[Source: Sean Holstege, Arizona Republic] — The Valley’s light-rail track runs over 20 miles, but almost half of Metro’s crashes in the past year have occurred along a single mile-and-a-quarter stretch that runs through downtown Phoenix. The L-shaped route from Central Station to Seventh Street is packed with bars, businesses, pedestrians, and distracted motorists, a tough environment for even slow-moving Metro trains.
Of the 52 crashes logged last year — an average of one a week since the $1.4 billion system opened in December 2008 — 23 have been in downtown Phoenix. Of those, 17 involved right turns along a few blocks of Washington and Jefferson streets. Metro recorded five crashes at just one corner: Jefferson and First streets. None of the crashes was fatal.
Phoenix police Lt. Adrian Ruiz says most downtown accidents happen because drivers get confused by unfamiliar streets and because Phoenix drivers have a bad habit of running red lights. “I see people every day who disregard the no-left-, no-right-turn-on-red signals,” said Ruiz, who runs the department’s transit bureau. “Drivers in Arizona are used to seeing where they have to go… They get impatient.”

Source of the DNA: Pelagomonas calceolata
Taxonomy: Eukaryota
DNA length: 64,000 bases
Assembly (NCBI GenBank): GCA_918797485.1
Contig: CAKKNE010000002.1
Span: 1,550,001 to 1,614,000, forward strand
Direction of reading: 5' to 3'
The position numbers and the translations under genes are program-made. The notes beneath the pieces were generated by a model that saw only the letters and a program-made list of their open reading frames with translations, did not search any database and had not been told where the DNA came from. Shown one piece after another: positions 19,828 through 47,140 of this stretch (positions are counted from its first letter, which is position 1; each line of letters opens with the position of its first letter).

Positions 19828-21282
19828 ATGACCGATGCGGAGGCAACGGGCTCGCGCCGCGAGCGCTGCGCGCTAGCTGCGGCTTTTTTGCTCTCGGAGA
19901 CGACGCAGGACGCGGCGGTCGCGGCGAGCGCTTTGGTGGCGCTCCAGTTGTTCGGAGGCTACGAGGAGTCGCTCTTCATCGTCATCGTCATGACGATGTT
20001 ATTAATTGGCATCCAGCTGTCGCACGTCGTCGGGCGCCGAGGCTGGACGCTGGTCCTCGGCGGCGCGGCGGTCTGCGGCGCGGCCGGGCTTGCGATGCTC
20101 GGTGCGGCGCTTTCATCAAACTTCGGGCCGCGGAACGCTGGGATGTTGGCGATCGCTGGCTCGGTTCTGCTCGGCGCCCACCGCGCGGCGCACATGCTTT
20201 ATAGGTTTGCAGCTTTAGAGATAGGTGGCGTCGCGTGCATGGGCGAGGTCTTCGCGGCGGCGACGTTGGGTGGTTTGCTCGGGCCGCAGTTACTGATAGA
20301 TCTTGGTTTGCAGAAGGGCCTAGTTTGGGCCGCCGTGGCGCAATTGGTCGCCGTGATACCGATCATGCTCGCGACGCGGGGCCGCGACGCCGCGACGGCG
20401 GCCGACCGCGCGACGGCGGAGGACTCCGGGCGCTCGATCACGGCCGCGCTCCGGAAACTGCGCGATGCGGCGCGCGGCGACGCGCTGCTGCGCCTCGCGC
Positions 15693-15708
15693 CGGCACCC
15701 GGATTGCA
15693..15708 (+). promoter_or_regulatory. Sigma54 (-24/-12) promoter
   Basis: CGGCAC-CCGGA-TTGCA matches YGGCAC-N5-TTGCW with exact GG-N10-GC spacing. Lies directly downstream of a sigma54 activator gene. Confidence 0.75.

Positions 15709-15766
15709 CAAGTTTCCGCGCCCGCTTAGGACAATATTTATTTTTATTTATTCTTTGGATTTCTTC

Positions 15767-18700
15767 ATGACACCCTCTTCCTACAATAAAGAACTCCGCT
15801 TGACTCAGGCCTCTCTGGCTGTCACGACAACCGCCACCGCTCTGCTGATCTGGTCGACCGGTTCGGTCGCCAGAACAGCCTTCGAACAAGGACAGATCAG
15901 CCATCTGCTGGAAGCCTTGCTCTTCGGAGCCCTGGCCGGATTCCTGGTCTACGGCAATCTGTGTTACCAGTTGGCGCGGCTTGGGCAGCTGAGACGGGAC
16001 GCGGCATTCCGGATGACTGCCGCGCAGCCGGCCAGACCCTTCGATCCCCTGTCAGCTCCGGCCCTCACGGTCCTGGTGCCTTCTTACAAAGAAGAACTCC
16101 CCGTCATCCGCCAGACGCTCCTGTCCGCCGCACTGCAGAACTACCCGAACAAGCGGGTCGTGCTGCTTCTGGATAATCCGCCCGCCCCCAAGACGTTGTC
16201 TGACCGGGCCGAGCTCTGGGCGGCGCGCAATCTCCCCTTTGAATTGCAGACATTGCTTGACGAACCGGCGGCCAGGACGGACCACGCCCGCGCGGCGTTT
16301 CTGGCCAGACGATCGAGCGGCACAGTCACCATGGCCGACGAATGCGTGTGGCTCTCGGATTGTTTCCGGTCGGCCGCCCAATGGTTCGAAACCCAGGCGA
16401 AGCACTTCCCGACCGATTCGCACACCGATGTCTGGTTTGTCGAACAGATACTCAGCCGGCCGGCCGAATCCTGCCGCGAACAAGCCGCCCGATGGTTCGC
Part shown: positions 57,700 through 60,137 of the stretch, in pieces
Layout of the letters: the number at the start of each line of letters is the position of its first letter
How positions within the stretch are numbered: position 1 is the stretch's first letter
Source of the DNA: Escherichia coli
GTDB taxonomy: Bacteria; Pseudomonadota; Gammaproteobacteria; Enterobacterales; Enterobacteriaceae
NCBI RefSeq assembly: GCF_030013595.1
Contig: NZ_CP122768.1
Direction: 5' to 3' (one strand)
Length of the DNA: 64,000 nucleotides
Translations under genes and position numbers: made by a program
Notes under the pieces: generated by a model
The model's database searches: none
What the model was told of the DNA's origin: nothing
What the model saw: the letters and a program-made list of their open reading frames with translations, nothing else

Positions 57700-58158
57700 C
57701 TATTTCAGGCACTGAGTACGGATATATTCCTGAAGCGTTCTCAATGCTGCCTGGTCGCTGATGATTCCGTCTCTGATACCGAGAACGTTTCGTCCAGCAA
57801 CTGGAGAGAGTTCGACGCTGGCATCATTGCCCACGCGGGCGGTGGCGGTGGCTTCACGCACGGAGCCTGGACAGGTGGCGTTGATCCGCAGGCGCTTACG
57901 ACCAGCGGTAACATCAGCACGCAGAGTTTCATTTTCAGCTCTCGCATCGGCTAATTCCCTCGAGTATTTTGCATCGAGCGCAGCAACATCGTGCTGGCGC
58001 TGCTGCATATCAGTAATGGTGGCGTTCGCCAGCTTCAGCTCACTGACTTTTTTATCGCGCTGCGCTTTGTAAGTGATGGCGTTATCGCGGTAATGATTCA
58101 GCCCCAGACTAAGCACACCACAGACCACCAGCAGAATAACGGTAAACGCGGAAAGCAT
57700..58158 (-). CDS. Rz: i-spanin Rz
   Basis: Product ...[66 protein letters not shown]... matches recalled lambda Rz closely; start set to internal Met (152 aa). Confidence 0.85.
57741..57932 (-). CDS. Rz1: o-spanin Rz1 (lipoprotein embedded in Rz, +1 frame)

Many of the downtown Phoenix crashes arise from cars making right turns across the tracks. A red arrow prohibits the maneuver, but split-second instincts and years of conditioning tell drivers it is OK to turn right on red.
Phoenix-area drivers are still making mistakes. Police have blamed all 52 crashes involving trains on motorists, not rail operators. In an effort to solve the problems and reduce the number of collisions, engineers, recognizing an emerging pattern, have begun changing signs and signals at accident hot spots. [Note: Read the the full article at Downtown Phoenix emerges as light rail collision hot spot.]